LP Evening Duty

London Post - Evening Duty date stamps 1797 onwards

These postmarks were applied in the Inland section of the GPO on the outgoing mails. It was a very busy time as from as early as 1756 there were daily mails, (except Sundays) to all parts of the Kingdom and, at the height of the coaching era, 28 coaches left London each night carrying the mails. In 1828, Allen's History of London, reported that the business of the evening mails was transacted from 5 to 8 pm, and on a certain day, fortyfour thousand letters were sorted and charged, checked and despatched by 105 persons in 45 minutes. The office had as many divisions as there were distinct Mails. The junior clerks sorted the letters and handed them to their chief clerk, who would check to see if it was single, double, franked, or properly charged if prepaid, and then marked the appropriate postage rate to be collected. The letters were then made up into bags, for the respective postmasters with a list of the total amount charged, sealed, and handed to the guard on the appropriate mail coaches.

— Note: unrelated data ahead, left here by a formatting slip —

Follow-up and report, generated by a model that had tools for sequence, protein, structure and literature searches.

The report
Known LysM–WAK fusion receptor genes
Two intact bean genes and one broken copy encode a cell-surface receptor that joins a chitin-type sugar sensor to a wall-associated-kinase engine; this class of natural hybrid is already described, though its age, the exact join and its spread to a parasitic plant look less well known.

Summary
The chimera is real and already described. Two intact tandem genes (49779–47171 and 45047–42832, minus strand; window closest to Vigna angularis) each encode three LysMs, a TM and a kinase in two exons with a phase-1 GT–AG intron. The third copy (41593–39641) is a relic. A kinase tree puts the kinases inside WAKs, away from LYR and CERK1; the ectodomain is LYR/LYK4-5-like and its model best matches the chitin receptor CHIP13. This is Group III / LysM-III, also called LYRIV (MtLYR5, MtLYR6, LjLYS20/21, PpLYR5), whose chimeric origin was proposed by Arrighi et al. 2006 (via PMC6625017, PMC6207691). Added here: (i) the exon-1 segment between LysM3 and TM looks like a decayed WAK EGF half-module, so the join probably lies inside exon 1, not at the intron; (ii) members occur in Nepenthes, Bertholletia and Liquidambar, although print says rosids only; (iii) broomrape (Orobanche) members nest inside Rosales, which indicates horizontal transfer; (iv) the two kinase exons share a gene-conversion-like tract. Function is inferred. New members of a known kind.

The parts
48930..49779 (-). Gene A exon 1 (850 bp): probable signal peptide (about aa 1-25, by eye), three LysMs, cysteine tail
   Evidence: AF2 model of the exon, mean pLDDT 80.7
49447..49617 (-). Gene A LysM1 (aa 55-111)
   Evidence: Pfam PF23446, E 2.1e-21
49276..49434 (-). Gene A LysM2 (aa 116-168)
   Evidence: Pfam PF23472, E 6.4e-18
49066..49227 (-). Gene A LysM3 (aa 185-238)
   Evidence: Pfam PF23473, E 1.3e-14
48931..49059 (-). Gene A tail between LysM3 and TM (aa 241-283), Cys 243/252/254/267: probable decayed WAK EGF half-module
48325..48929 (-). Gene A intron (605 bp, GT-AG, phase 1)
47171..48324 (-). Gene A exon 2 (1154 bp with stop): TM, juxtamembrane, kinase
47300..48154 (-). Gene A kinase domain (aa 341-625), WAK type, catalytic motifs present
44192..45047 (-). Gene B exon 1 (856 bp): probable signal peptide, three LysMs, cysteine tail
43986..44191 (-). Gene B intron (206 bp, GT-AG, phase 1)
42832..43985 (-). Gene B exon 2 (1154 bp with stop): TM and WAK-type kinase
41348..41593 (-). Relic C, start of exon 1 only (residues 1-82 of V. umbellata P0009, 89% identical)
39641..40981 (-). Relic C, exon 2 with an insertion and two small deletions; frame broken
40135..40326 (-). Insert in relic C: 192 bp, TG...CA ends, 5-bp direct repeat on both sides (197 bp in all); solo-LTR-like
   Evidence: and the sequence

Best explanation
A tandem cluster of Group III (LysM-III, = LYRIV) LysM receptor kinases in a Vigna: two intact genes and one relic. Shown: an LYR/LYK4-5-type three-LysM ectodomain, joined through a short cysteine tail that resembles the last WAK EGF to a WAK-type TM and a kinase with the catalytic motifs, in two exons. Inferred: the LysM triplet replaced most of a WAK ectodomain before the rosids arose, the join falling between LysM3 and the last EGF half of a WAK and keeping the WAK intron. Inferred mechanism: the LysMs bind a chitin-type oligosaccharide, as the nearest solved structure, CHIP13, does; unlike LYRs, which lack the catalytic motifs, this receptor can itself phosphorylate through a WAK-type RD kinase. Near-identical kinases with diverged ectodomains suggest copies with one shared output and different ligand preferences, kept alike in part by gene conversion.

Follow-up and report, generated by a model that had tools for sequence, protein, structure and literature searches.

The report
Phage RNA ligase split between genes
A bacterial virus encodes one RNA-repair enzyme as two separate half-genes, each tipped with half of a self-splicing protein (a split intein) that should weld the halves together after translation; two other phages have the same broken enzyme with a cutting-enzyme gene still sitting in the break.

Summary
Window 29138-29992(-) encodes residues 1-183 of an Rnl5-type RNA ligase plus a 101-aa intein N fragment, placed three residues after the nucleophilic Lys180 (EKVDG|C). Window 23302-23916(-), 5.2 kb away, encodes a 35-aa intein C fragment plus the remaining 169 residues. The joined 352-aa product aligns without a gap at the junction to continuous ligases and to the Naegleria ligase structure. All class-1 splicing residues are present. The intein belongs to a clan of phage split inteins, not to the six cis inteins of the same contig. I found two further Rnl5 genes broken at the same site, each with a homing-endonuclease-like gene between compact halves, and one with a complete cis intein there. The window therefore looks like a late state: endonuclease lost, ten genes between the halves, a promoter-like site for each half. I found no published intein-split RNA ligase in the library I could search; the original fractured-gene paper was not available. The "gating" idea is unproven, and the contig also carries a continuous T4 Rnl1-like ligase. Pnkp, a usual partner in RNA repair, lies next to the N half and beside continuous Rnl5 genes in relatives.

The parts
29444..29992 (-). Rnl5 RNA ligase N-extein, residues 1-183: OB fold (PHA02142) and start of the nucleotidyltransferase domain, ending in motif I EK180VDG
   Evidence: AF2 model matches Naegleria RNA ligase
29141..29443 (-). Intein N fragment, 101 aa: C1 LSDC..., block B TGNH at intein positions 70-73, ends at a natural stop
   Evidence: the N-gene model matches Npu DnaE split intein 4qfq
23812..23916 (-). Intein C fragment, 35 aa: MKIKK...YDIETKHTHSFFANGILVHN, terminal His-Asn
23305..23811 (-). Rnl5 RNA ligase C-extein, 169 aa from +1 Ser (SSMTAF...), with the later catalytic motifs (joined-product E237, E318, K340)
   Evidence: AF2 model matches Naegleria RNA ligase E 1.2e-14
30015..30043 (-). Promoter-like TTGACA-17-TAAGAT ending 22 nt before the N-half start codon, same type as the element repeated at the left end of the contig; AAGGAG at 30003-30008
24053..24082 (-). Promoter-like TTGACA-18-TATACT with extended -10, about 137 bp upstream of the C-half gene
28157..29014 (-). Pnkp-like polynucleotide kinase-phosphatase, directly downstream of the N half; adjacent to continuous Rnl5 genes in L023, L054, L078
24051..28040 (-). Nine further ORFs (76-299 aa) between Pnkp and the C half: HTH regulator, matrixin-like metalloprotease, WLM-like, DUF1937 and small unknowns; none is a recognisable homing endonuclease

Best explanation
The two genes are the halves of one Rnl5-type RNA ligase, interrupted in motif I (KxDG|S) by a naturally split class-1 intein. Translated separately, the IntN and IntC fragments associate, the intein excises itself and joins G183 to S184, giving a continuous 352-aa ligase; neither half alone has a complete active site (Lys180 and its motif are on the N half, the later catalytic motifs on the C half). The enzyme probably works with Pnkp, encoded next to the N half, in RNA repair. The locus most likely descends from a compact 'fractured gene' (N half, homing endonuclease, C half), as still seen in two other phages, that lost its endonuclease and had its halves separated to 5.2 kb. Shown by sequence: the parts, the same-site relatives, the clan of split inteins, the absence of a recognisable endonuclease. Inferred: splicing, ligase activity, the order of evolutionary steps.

eve duty 1797 eve duty 1798 eve duty 1800 eve duty 1823 These examples were in use on unpaid mail - 1795-1799, 1798 only in January & February, 1800-1822 and 1823-1829.
Click on each one to see a letter with that postmark, then click on the Back arrow on the browser to return to this page.

eve duty 1828 eve duty 1830 eve duty 1840 eve duty 1845

These examples were in use on unpaid letters during the periods 1828-1830, 1830-1840, 1840-1845 and 1845-1857

These examples were on some of 18 letters sent from London Lawyers and addressed to John Daw, Solicitor of Exmouth, Devon, in the 1830s. The letters are mainly short correspondence regarding Writs and Summonses and other legal opinions, so they are not on our website as letters of interest. I have just put the postmarks here, to show the different Identifying Letter used in each stamp, and the year that they were in use as evidenced by the postmarks. They are: Z 1833 Q 1833 Y 1834 S 1834 X 1833.
The evening duty period was always one of high speed, and the stamps were worn out every day and recut out of boxwood, which was believed to be quicker in use.

Copyright 2002 E. J. Shanahan(UPDATED illustrations March 2019)

By EARS Leisurewrite
Evening Duty p2


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